Kate Brew Vaughn

Kate Brew Vaughn

https://en.wikipedia.org/wiki/Kate_Brew_Vaughn
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Kate Brew Vaughn
Kate Brew Vaughn and her children, December 1915 (l. to r.: Edwin, Martha, Katherine, William, and Preston.)
Born Katherine Margaret Brew
(1873-10-22)October 22, 1873
Hendersonville, Tennessee
Died May 20, 1933(1933-05-20) (aged 59)
Los Angeles, California
Resting place Forest Lawn Memorial Park (Glendale)
Occupation author, lecturer, home economics teacher, newspaper writer, and radio host
Education Peabody College, Nashville
Subject cooking
Notable works Culinary Echoes from Dixie and My Best Recipes
Spouse William Weaver Vaughn (1863–1932)
Children Martha "Marte/Sis" Anne V. Curtiss (1897–1984), twins William Weaver "Ibb" (1900–1947) and James Preston "J.P./Pet" (1900–1968), Edwin Thomas "Tug", and Katherine Brew "Tatty".

Katherine (Kate) Margaret Brew Vaughn (October 22, 1873 – May 20, 1933) was an American author, lecturer, home economics teacher, newspaper writer, and radio host.

Early life

Kate Brew was born on October 22, 1873, in Hendersonville, Tennessee, the daughter of Patrick H. O'Gorman Brew (1821–1898) and Catherine "Kate" White (1841–1907).[1] She took special training in child-welfare work at the Peabody College in Nashville.[2]

Career

In 1911 Kate Brew Vaughn did her first cooking demonstration at the Tennessee State Fair. After that she went to work for Procter & Gamble in Cincinnati to promote their new product, Crisco. From 1912 to 1914 she traveled throughout the United States giving demonstrations on nutrition and cooking.[3] Hundreds of people came to see her make specialties such as her Japanese Fruit Cake ("Mikado Cake").[4]

On February 19, 1916, the Los Angeles Herald touted:

With a Record-breaking attendance of housewives, clubwomen and teachers in attendance, Mrs. Kate Brew Vaughn, cooking expert, today closed the week's course in Better Food, Better Homes which, under the auspices of The Evening Herald, she has been conducting at Walker auditorium ... Following the demonstration hundreds of women crowded round the famous celebrated domestic science expert to express their gratitude for the benefits they declare they have received through the Better Food, Better Homes free cooking course ... In concluding her talks to the Los Angeles women she urged them to get in close and constant touch with the public school teachers who are doing so much to develop the children.[5]

Advertisement from Charlotte Observer, October 22, 1917

In 1917 Vaughn worked in New York to test recipes compatible with wartime shortages and rationing. She taught how to make a Victory Cake eggless, sugarless, and butterless; she said someone once told her they were also "joyless", but then ate three pieces.[6]

Vaughn created the Bureau of Child Hygiene for the North Carolina State Board of Health and served as its director until September 1919.[1][2][7] She created the Home Economics Department at the Los Angeles Evening Express on January 12, 1920.[1]

Beginning in 1920 Vaughn was a lecturer on home economics, taught home economics at North Carolina State College, and gave radio lectures on home economics four mornings a week on KNX (AM).[1]

She wrote many booklets under the direction of Herbert Hoover's U.S. Food Commission for Boards of Health and Manufacturers,[1] and was the author of Table Treats in Wartime, Culinary Echoes from Dixie,[8] Up-to-the-Minute Cook Book: A Collection of Tested Recipes, My Best Recipes: A selection from twenty years' experience of adapting and proving tested recipes, and Art of Preserving and Canning. As of 2008, Culinary Echoes from Dixie and My Best Recipes were considered "hot commodities" in historic cookbook circles.[1][3]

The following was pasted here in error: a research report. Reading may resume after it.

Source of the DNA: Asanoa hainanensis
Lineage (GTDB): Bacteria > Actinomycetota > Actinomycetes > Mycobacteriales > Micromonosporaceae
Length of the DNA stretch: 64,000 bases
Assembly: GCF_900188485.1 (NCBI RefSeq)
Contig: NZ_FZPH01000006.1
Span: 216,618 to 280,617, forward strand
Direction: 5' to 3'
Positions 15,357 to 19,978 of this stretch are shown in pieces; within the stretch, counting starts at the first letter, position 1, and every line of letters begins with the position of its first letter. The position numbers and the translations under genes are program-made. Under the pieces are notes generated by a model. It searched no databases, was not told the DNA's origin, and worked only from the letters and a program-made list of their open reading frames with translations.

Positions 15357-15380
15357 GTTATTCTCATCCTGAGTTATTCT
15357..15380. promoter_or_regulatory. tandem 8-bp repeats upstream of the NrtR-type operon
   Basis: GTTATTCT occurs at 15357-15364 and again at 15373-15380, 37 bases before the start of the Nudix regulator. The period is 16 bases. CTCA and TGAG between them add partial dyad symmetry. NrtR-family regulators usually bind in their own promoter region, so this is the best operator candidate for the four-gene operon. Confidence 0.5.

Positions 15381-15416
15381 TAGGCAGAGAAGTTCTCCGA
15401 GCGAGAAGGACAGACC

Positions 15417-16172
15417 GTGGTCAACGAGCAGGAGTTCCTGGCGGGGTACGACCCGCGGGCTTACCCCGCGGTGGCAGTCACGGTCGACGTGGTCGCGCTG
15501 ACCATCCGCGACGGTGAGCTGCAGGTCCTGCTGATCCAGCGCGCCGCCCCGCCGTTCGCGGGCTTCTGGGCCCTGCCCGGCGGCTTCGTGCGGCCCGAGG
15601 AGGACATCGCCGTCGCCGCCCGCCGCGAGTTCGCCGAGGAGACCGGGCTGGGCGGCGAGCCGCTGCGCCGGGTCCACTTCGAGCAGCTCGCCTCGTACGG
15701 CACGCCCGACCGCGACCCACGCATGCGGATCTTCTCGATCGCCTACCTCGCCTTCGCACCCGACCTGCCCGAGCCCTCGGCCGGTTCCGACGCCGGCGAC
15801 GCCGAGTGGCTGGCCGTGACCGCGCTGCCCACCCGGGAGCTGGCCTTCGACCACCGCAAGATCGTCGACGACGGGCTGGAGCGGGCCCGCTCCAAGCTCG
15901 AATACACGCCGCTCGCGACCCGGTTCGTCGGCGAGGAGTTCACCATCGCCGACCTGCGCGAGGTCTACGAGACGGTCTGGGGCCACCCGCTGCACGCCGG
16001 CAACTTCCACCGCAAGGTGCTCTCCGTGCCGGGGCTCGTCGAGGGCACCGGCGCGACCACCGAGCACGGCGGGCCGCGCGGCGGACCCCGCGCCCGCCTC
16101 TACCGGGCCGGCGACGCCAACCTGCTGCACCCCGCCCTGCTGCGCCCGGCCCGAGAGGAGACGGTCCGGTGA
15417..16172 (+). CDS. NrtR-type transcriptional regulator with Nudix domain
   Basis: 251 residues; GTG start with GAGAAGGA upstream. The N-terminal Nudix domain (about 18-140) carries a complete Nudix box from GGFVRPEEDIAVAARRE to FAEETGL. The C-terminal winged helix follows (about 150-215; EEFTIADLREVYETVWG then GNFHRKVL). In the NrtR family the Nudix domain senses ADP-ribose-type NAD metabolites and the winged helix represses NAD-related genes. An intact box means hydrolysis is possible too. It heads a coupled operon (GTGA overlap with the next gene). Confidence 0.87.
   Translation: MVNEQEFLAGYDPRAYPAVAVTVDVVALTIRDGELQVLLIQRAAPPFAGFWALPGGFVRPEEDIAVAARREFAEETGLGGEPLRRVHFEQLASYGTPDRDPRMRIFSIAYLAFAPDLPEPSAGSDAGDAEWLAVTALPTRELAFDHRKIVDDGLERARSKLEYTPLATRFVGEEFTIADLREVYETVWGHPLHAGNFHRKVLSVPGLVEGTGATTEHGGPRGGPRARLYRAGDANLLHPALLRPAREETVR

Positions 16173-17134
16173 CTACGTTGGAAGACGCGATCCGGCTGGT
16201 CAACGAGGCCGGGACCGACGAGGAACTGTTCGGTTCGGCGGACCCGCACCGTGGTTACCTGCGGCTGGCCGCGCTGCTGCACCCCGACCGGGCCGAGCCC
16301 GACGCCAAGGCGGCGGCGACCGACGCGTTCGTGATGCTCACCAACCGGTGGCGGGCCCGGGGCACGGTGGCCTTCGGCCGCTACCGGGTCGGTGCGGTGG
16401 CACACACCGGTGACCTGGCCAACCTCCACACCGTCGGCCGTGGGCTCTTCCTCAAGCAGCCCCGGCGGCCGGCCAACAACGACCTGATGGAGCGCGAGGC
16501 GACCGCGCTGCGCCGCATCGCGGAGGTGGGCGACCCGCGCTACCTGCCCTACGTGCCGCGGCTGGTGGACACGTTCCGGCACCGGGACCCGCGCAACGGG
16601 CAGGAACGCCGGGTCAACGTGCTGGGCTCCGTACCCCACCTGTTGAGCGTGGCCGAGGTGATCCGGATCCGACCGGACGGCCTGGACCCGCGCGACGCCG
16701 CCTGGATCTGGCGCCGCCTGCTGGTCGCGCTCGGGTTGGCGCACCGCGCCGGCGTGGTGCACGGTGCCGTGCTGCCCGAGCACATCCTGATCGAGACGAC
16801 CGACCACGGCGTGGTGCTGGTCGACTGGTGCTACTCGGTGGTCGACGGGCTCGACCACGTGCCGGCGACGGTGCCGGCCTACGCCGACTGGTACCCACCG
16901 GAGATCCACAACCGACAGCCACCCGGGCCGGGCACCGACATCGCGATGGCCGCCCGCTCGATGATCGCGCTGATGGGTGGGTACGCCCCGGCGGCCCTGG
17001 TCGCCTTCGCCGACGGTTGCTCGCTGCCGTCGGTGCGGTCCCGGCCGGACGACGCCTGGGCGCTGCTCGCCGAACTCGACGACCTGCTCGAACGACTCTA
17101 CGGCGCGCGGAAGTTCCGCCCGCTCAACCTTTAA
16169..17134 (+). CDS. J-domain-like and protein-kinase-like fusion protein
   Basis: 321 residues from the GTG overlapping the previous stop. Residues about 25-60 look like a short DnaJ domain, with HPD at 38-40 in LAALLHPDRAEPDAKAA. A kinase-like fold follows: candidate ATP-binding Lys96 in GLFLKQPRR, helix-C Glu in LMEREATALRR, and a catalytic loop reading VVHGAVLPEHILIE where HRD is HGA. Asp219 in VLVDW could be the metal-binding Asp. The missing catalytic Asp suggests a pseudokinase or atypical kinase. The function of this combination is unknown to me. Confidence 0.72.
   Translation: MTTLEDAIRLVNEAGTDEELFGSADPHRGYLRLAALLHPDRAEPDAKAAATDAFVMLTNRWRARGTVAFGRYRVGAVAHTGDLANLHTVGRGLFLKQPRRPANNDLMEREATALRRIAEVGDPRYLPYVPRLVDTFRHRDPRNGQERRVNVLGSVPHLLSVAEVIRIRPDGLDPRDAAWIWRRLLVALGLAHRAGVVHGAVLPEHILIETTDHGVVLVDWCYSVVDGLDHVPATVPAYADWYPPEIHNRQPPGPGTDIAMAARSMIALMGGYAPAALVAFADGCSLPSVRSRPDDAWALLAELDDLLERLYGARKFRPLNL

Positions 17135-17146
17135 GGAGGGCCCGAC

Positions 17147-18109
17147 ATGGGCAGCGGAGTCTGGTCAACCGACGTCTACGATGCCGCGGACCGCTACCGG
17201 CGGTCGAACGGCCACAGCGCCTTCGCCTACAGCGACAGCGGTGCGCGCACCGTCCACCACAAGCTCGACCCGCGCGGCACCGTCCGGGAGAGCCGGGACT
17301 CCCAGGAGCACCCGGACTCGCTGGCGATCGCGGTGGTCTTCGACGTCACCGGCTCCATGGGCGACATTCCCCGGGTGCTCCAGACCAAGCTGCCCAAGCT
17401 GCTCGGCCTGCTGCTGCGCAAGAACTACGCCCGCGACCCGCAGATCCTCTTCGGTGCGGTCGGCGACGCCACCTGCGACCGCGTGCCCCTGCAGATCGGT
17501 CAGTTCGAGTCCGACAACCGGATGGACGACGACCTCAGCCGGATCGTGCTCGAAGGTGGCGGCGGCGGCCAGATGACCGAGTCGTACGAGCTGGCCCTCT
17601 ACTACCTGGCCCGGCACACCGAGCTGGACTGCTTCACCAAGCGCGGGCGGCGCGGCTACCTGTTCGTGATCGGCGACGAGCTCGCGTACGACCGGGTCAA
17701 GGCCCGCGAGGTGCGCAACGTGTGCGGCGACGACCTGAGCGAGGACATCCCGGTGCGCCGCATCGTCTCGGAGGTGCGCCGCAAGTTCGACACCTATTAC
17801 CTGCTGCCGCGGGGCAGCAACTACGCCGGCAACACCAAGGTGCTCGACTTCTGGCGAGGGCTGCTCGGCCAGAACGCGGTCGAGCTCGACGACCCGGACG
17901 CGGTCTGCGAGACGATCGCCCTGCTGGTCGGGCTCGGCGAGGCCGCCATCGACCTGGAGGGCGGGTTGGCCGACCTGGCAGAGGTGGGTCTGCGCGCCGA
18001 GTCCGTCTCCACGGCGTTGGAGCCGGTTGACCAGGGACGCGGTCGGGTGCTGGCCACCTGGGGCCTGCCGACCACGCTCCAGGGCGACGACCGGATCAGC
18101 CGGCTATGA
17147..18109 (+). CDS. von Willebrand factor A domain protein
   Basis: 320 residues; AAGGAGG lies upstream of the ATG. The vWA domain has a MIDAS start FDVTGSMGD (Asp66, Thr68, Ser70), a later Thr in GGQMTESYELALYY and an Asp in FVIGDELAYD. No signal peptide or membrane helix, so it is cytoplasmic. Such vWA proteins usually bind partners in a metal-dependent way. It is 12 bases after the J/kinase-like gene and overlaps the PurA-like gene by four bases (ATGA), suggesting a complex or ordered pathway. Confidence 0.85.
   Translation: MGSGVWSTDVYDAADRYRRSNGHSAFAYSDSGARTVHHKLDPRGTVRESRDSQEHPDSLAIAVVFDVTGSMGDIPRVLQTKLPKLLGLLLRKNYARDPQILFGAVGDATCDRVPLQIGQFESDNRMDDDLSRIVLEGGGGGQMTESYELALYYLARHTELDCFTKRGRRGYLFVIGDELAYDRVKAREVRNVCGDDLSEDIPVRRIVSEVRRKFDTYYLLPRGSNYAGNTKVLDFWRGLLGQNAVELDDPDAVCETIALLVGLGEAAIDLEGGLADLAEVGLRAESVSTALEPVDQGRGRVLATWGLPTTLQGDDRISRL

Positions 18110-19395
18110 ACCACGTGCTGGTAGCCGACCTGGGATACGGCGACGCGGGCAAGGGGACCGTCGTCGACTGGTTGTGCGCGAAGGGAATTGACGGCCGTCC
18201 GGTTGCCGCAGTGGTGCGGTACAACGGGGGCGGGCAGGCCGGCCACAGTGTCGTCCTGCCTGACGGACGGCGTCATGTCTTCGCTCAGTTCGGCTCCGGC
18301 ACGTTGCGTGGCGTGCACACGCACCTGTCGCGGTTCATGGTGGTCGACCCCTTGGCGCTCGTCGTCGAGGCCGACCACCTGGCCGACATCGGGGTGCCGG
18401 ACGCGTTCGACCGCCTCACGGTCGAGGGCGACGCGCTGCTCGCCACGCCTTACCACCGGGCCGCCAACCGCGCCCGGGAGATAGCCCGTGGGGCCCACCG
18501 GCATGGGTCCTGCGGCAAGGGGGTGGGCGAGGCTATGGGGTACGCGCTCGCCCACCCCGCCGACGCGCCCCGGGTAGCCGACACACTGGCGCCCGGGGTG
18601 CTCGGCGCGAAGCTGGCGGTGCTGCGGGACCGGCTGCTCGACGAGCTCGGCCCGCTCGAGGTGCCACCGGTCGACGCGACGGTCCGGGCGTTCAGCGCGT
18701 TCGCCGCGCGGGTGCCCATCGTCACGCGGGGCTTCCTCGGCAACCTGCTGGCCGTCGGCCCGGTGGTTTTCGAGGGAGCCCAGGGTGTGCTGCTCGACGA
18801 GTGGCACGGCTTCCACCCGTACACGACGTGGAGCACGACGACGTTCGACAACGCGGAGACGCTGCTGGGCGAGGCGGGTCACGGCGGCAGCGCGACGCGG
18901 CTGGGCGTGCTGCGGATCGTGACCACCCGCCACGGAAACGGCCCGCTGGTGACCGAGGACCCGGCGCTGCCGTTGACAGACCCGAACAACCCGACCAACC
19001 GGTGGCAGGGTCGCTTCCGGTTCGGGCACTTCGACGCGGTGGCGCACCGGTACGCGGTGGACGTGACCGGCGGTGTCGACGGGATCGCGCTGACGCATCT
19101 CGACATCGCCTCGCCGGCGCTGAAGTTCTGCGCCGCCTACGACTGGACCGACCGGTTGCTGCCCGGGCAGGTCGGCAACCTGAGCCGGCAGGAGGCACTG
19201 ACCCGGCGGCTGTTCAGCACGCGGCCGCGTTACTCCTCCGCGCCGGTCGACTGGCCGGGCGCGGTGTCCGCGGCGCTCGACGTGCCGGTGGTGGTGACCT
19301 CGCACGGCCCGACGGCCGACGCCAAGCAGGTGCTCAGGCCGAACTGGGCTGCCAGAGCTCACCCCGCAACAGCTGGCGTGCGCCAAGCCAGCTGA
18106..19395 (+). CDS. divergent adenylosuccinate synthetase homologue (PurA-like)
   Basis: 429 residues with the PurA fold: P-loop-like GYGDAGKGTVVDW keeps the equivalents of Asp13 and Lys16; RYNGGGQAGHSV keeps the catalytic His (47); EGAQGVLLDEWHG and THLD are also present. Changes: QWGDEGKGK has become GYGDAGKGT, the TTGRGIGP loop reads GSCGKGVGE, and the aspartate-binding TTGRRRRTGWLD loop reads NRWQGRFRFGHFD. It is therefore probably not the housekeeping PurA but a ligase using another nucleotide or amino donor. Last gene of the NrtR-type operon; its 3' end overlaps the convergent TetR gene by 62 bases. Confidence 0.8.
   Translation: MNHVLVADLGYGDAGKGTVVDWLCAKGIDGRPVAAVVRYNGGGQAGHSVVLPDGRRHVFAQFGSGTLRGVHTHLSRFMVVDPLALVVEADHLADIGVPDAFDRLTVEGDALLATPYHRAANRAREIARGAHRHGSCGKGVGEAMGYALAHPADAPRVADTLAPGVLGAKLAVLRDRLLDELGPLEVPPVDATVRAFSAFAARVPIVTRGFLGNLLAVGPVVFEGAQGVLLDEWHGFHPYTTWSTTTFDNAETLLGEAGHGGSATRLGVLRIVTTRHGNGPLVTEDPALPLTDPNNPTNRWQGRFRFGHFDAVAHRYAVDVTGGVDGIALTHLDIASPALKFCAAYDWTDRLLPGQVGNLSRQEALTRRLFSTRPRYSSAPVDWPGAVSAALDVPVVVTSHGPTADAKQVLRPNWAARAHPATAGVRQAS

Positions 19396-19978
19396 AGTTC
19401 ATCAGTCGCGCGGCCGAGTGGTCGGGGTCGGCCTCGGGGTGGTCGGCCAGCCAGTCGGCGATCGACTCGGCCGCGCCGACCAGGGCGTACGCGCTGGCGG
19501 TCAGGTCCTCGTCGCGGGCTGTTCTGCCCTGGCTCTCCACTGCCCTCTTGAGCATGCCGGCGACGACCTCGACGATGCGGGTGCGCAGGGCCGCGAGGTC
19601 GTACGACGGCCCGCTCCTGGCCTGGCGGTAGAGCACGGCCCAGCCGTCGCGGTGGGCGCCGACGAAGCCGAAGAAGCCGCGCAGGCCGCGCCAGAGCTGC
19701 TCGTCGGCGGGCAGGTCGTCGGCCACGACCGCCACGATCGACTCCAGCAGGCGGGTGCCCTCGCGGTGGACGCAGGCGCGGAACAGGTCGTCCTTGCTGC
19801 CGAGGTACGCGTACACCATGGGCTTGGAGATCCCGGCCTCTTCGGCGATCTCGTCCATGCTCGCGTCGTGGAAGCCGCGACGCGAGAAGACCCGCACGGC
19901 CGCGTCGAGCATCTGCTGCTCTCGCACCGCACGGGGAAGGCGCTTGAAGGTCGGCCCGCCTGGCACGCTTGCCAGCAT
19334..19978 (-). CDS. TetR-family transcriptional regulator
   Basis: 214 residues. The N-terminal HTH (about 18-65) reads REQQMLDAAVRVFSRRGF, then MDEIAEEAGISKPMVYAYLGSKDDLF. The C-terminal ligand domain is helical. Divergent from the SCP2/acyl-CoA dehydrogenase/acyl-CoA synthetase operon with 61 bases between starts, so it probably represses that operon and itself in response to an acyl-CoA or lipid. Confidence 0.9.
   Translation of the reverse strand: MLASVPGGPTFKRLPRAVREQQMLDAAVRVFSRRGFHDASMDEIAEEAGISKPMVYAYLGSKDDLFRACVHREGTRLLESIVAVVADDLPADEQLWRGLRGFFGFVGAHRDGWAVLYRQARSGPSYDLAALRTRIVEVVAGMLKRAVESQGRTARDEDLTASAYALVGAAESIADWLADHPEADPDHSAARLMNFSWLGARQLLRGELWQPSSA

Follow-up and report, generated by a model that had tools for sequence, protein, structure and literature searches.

Personal life

On April 14, 1896, Kate Brew married William Weaver Vaughn (1863–1932). They had five children: Martha "Marte/Sis" Anne V. Curtiss (1897–1984), twins William Weaver "Ibb" (1900–1947) and James Preston "J.P./Pet" (1900–1968), Edwin Thomas "Tug", and Katherine Brew "Tatty".[1][1]

Vaughn moved to California in 1919 with her son Ed and daughter Tatty.[1] She died on May 20, 1933 in Los Angeles, and was buried at Forest Lawn Memorial Park in Glendale.[9]

References

  1. ^ a b c d e f g h i Binheim, Max; Elvin, Charles A (1928). Women of the West; a series of biographical sketches of living eminent women in the eleven western states of the United States of America. p. 91. Retrieved 8 August 2017.  This article incorporates text from this source, which is in the public domain.
  2. ^ a b de Gruyter, Walter (1993). Women and War. p. 138. Retrieved 9 August 2017. 
  3. ^ a b Edwards, Patricia "Eddie"; Peckham, Peter (2008). Antique Trader Collectible Cookbooks Price Guide. Krause Publications. p. 200. Retrieved 9 August 2017. 
  4. ^ Byrn, Anne (2016). American Cake: From Colonial Gingerbread to Classic Layer, the Stories and Recipes Behind More Than 125 of Our Best-Loved Cakes. Rodale. p. 100. Retrieved 9 August 2017. 
  5. ^ "19 February 1916". Los Angeles Herald (95). Retrieved 9 August 2017.  This article incorporates text from this source, which is in the public domain.
  6. ^ Byrn, Anne (2016). American Cake: From Colonial Gingerbread to Classic Layer, the Stories and Recipes Behind More Than 125 of Our Best-Loved Cakes. Rodale. p. 138. Retrieved 14 September 2017. 
  7. ^ "NC Health Bulletin timeline related to nursing". Appalachian State University. 2017. Retrieved 9 August 2017. 
  8. ^ Vaughn, Kate Brew (1914). Culinary echoes from Dixie. Cincinnati, The McDonald Press. Retrieved 9 August 2017. 
  9. ^ "21 May 1933". San Bernardino Sun. 39. Retrieved 9 August 2017. 


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